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Showing posts from April, 2018

Disaster Recovery Plans: Do You Have One?

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Disaster Recovery Plans: Do You Have One? Disaster recovery and business continuity plans are issues that almost all small businesses fail to think about. More frequently, they decide they haven't the resources to address such "unthinkables." If your business was down for 1-2 days or more, what costs would you incur? Lost revenues and lost productivity. These are obvious. You won't make the money that you would have if you remained open. This is especially true if you provide a service. Services are inherently tied to time, and time cannot be re-created. Sure, you can work extra hours next week, but it won't be a service provided at the time it was expected. However, even if you provide a product that can be purchased next week instead of today, a customer didn't get it when they most wanted or needed it.

There are other far more serious consequences of business downtime than just unsold goods and services. There are the intangibles that can't be so easil…

Decreasing Your Chances of Becoming a Dark Web Statistic

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There’s more than a grain of truth to the saying, “It’s not a question of if you’ll be a victim of a data breach, but when!” The chances of your company falling victim to a data breach is as high as 1 out of 4, which is a lot more likely than your chances of being struck by lightning.
According to a Ponemon Institute study sponsored by IBM, the average cost to a company that was involved in a data breach in 2017 was $3.62 million dollars, and the cost per file breached was $158!Those records, which can contain personally identifiable information, payment methods and/or health care information, can vary in cost depending on your industry.Healthcare records are the costliest, while research and public records are the least.According to the study, these numbers have improved slightly over those of the previous year due to the increased use of rapid response teams and advance planning.
So once a business has been hacked, what happens to the exposed information? Generally, cyber criminals…

Why Small Businesses Shouldn't Avoid Making Disaster Recovery Plans.

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Why Small Businesses Shouldn't Avoid Making Disaster Recovery Plans. Entrepreneurs and small businesses, especially ones that are fairly new, often don't think about making plans to recover in case of a disaster. However, it is the smallest business that most likely has the fewest resources to fall back on in case of disaster. Why does this happen? It isn't on an entrepreneur's radar - The challenge and hurdles of starting out are what drive small business owners. The excitement that comes with getting a new client or releasing a new product are what motivates them. To be honest, things like disaster recovery plans are a little dull and aren't part of the exciting day-to-day hustle of running a company. As a result, these issues get put on the back burner.Planning tools can seem too complex - Ideas like "risk assessment" and "business impact analysis" can be intimidating. Many SMBs may just feel the whole area is overwhelming and leave it to anothe…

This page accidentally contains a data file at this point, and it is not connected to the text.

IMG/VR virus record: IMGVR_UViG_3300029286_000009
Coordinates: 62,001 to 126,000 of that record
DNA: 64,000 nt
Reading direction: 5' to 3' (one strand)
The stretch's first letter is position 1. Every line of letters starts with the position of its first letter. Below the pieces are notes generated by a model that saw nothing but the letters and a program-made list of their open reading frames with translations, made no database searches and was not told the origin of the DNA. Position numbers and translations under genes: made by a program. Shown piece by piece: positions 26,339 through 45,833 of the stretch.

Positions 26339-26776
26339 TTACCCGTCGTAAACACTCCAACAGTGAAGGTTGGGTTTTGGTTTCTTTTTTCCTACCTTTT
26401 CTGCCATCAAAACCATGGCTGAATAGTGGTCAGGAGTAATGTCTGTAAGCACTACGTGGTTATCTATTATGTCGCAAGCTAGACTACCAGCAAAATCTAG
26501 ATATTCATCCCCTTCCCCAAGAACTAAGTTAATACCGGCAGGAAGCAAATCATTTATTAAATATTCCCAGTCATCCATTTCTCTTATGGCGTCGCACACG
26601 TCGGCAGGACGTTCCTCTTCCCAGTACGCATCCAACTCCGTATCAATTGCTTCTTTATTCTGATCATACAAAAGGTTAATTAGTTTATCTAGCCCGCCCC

Outsourcing? Really. Its OK: How it can save time and money

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Outsourcing? Really. Its OK: How it can save time and money Almost by definition, small business owners and entrepreneurs cringe at the concept of outsourcing. Those who start their own companies like the control and autonomy it provides them. Unfortunately, that preference for control and autonomy may have some bad side-effects when it comes to IT. Small business don't have the resources to fully support all of their IT infrastructure needs. The present in-house staff is most likely very busy putting out day-to-day fires. One statistic suggests 65% of IT budgets go to nothing more than keeping the lights on. In short, staff is busy making sure the printer works or reloading a PC infected by a virus after an employee fell for a phishing email. This means that small firm's expenditures on IT are not improving operational, efficiency, or enhancing productivity or competitiveness. There is an alternative. Managed Service Providers are outside consultants you can bring in to handle t…

Run your Business, not an IT Company

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Run your Business, not an IT Company You went into business because you have an interest and expertise in some particular product or service. You began the firm to offer that product or service, but a dirty little problem came along with that new company. IT requirements. You need equipment, and you need networks, and printers, and data storage to keep the company up and running. As a consequence, you've become responsible for managing something you probably don't care very much about or even understand especially well. Managed Service Providers can be a solution. A small business can off load a variety of IT tasks that are becoming a distraction to everyday business operations and strategy.Here are just two examples. Software updates and security audits: Your present in-house staff may be spending most of its time fixing everyday problems. As a result, they may have to delay vital security measures, such as applying tested security patches or updating virus software programs. Wo…